But there are more than 20 strains of scrapie, and six of sCJD. "You would not necessarily see a relationship between the two with epidemiology if only some strains affect only some people," says Deslys. Bruce is cautious about the mouse results, but agrees they require further investigation. Other trials of scrapie and sCJD in mice, she says, are in progress.

People can have three different genetic variations of the human prion protein, and each type of protein can fold up two different ways. Kretschmar has found that these six combinations correspond to six clinical types of sCJD: each type of normal prion produces a particular pathology when it spontaneously deforms to produce sCJD.

But if these proteins deform because of infection with a disease-causing prion, the relationship between pathology and prion type should be different, as it is in vCJD. "If we look at brain samples from sporadic CJD cases and find some that do not fit the pattern," says Kretschmar, "that could mean they were caused by infection."

There are 250 deaths per year from sCJD in the US, and a similar incidence elsewhere. Singeltary and other US activists think that some of these people died after eating contaminated meat or "nutritional" pills containing dried animal brain. Governments will have a hard time facing activists like Singeltary if it turns out that some sCJD isn't as spontaneous as doctors have insisted.

Deslys's work on macaques also provides further proof that the human disease vCJD is caused by BSE. And the experiments showed that vCJD is much more virulent to primates than BSE, even when injected into the bloodstream rather than the brain. This, says Deslys, means that there is an even bigger risk than we thought that vCJD can be passed from one patient to another through contaminated blood transfusions and surgical instruments.

http://www.newscientist.com/article/mg16922840.300-like-lambs-to-the-slaughter.html

Thursday, March 20, 2014

CHRONIC WASTING DISEASE CWD TSE PRION OF CERVID AND THE POTENTIAL FOR HUMAN TRANSMISSION THEREFROM 2014

http://chronic-wasting-disease.blogspot.com/2014/03/chronic-wasting-disease-cwd-tse-prion.html

Tuesday, July 01, 2014

*** CHRONIC WASTING DISEASE CWD TSE PRION DISEASE, GAME FARMS, AND POTENTIAL RISK FACTORS THERE FROM ***

http://chronic-wasting-disease.blogspot.com/2014/07/chronic-wasting-disease-cwd-tse-prion.html

Thursday, July 03, 2014

*** How Chronic Wasting Disease is affecting deer population and what’s the risk to humans and pets? ***

http://chronic-wasting-disease.blogspot.com/2014/07/how-chronic-wasting-disease-is.html

Thursday

CWD TO HUMANS, AND RISK FACTORS THERE FROM (see latest science)

Tuesday, November 04, 2014

*** Six-year follow-up of a point-source exposure to CWD contaminated venison in an Upstate New York community: risk behaviours and health outcomes 2005–2011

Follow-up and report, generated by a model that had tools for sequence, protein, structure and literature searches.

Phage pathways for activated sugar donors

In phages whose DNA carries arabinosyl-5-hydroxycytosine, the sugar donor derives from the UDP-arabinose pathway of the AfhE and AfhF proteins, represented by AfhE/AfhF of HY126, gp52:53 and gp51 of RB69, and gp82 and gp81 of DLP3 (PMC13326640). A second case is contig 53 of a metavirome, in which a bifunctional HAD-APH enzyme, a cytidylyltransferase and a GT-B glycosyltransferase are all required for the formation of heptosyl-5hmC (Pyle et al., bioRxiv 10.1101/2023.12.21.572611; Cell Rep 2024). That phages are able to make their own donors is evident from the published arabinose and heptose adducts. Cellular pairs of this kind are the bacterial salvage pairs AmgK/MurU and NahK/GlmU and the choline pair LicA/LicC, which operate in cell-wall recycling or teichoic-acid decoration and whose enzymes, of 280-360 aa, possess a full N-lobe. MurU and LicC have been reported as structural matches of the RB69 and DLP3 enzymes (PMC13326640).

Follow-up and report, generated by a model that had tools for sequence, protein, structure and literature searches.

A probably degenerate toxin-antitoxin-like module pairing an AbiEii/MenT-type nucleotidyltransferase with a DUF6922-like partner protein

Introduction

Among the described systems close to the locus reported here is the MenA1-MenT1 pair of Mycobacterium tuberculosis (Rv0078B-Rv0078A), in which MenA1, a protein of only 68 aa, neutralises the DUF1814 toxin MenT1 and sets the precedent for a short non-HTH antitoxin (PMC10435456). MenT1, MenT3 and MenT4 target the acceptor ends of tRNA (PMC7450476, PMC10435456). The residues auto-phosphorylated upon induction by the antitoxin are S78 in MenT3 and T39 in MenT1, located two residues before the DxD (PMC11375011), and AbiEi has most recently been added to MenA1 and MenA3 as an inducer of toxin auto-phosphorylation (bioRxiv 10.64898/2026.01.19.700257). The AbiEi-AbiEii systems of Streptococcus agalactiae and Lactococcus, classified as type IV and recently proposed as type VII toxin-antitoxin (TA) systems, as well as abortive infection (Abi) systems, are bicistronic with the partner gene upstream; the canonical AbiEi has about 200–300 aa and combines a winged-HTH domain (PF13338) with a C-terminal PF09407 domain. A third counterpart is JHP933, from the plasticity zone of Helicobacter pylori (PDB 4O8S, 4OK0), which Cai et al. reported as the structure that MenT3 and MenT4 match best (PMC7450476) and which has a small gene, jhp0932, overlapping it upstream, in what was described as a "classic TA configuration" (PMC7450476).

http://chronic-wasting-disease.blogspot.com/2014/11/six-year-follow-up-of-point-source.html

Thursday, April 30, 2015

Immediate and ongoing detection of prions in the blood of hamsters and deer following oral, nasal, or blood inoculations

http://transmissiblespongiformencephalopathy.blogspot.com/2015/04/immediate-and-ongoing-detection-of.html

Friday, January 30, 2015

*** Scrapie: a particularly persistent pathogen ***

http://transmissiblespongiformencephalopathy.blogspot.com/2015/01/scrapie-particularly-persistent-pathogen.html

Sunday, April 12, 2015

*** Research Project: Transmission, Differentiation, and Pathobiology of Transmissible Spongiform Encephalopathies 2014 Annual Report ***

http://transmissiblespongiformencephalopathy.blogspot.com/2015/04/research-project-transmission.html

Saturday, April 11, 2015

*** ISU veterinary researchers study retinal scans as early detection method for mad cow disease

http://transmissiblespongiformencephalopathy.blogspot.com/2015/04/isu-veterinary-researchers-study.html

Sunday, November 23, 2014

*** Confirmed Variant Creutzfeldt-Jakob Disease (variant CJD) Case in Texas in June 2014 confirmed as USA case NOT European ***

http://vcjd.blogspot.com/2014/11/confirmed-variant-creutzfeldt-jakob.html

Monday, November 3, 2014

USA CJD TSE PRION UNIT, TEXAS, SURVEILLANCE UPDATE NOVEMBER 2014

National Prion Disease Pathology Surveillance Center Cases Examined1 (October 7, 2014)

***6 Includes 11 cases in which the diagnosis is pending, and 19 inconclusive cases;

***7 Includes 12 (11 from 2014) cases with type determination pending in which the diagnosis of vCJD has been excluded.

***The sporadic cases include 2660 cases of sporadic Creutzfeldt-Jakob disease (sCJD),

***50 cases of Variably Protease-Sensitive Prionopathy (VPSPr)

***and 21 cases of sporadic Fatal Insomnia (sFI).

http://prionunitusaupdate.blogspot.com/2014/11/usa-cjd-tse-prion-unit-texas.html

Thursday, January 15, 2015

41-year-old Navy Commander with sporadic Creutzfeldt–Jak